Mark #9 of a Healthy Church: Biblical Church Leadership

In the 18 years we spent at our former church, we witnessed first hand the turmoil that being without proper leadership brings. Each time we were without a pastor, chaos ensued. Relationships and ministries suffered because the church had no clear leader. Perhaps that's why the church government of a different denomination appealed to us so strongly. We didn't set out to move to another denomination but when our pastor introduced the leadership model during our new members' class, my husband and I were thrilled.

The last mark of a healthy church is biblical church leadership. Mark Dever spends this final chapter discussing five facets of church leadership: congregational context, biblical qualifications, charismatic nature, Christlikeness, and relationship to God's nature and character.

I've spent this summer blogging through Nine Marks of a Healthy Church, and I've realized that, as much as we church members want to put the responsibility of the church's health on its leaders, we bear equal responsibility. Instead of dissecting the qualifications of biblical church leadership, I want to leave this series with Dever's charge to congregants: are to take an active part in your church not simply by attending, by praying, and by giving (though you should do all those things); more than such things, you should actively be getting to know your church family. You should be praying through the list of those other people with whom you have covenanted to serve God. You should listen as other members of the body tell about what God is doing in their lives or about their concerns - and then pray with them. You must realize that part of your obligation and privilege as a member of the church is to get to know other believers and to make yourself known to them. Study God's Word together. Learn to think as a church about God's Word. You should be growing in grace yourself, and in the knowledge of God's Word, in the knowledge of your own heart and of the hearts of your brothers and sisters, and in awareness of the opportunities God is putting in front of your church. (p. 227)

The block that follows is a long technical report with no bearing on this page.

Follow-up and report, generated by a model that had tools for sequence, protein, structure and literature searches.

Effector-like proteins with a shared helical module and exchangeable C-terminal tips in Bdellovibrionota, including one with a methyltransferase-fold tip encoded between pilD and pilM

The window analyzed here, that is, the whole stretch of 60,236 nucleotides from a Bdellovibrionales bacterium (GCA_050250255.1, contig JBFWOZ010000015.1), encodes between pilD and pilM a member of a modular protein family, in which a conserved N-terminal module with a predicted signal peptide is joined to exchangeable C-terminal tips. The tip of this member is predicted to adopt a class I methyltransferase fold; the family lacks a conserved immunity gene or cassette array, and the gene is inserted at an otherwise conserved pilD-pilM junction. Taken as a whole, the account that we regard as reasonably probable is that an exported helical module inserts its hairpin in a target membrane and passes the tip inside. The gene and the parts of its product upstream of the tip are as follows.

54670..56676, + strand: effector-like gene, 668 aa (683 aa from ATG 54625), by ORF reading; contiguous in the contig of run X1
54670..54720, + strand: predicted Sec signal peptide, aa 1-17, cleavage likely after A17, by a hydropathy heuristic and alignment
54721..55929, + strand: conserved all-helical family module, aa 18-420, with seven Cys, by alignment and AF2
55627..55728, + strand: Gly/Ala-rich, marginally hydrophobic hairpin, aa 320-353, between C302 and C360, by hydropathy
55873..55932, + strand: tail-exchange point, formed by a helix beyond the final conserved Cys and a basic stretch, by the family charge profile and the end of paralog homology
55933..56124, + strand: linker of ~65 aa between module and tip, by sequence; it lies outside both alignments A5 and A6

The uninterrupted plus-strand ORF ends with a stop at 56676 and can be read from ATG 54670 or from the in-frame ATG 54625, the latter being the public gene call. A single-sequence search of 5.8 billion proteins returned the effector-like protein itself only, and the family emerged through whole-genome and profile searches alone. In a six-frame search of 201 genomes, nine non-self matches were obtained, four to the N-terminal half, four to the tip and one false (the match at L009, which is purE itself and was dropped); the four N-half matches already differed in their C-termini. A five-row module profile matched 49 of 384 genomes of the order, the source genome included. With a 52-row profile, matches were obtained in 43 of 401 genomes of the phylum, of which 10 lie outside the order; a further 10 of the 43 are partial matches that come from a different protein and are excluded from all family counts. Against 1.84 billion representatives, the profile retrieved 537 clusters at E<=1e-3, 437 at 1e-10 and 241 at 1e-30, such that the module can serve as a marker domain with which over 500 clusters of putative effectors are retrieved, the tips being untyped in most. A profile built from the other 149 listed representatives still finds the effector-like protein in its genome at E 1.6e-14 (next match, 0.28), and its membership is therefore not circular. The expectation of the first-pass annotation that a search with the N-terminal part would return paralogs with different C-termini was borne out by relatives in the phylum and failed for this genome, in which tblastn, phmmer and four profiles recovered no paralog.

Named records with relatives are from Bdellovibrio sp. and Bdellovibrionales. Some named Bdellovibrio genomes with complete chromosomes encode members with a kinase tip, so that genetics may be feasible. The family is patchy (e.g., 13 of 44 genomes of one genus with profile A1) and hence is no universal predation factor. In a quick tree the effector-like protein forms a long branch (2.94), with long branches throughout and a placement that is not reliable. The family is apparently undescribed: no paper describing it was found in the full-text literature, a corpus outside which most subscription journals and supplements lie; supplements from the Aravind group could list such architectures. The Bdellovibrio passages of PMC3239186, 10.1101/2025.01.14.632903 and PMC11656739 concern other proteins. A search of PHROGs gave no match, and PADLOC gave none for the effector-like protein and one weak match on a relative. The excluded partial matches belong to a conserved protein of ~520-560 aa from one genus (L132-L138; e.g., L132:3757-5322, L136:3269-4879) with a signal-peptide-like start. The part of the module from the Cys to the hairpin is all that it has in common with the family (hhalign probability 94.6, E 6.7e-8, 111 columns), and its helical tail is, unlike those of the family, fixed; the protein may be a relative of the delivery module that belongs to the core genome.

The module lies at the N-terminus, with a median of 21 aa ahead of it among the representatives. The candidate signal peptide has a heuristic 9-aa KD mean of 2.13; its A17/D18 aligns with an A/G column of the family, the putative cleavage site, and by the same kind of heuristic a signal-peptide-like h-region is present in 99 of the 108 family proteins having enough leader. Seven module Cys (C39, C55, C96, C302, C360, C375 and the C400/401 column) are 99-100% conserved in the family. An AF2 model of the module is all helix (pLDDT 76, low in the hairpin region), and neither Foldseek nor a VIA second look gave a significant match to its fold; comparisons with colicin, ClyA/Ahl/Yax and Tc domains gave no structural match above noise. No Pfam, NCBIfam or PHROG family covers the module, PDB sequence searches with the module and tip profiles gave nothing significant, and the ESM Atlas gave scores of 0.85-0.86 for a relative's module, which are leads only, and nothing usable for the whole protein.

Finding a healthy church was not an easy task. We suffered heartbreak and frustration. We argued and prayed. As hard as it was, God was good. It is in obedience to Him by His grace, that my husband and I will seek to be healthy members of the church He has brought us to.

For further reading, check out What Is a Healthy Church Member? by Thabiti Anyabwile.


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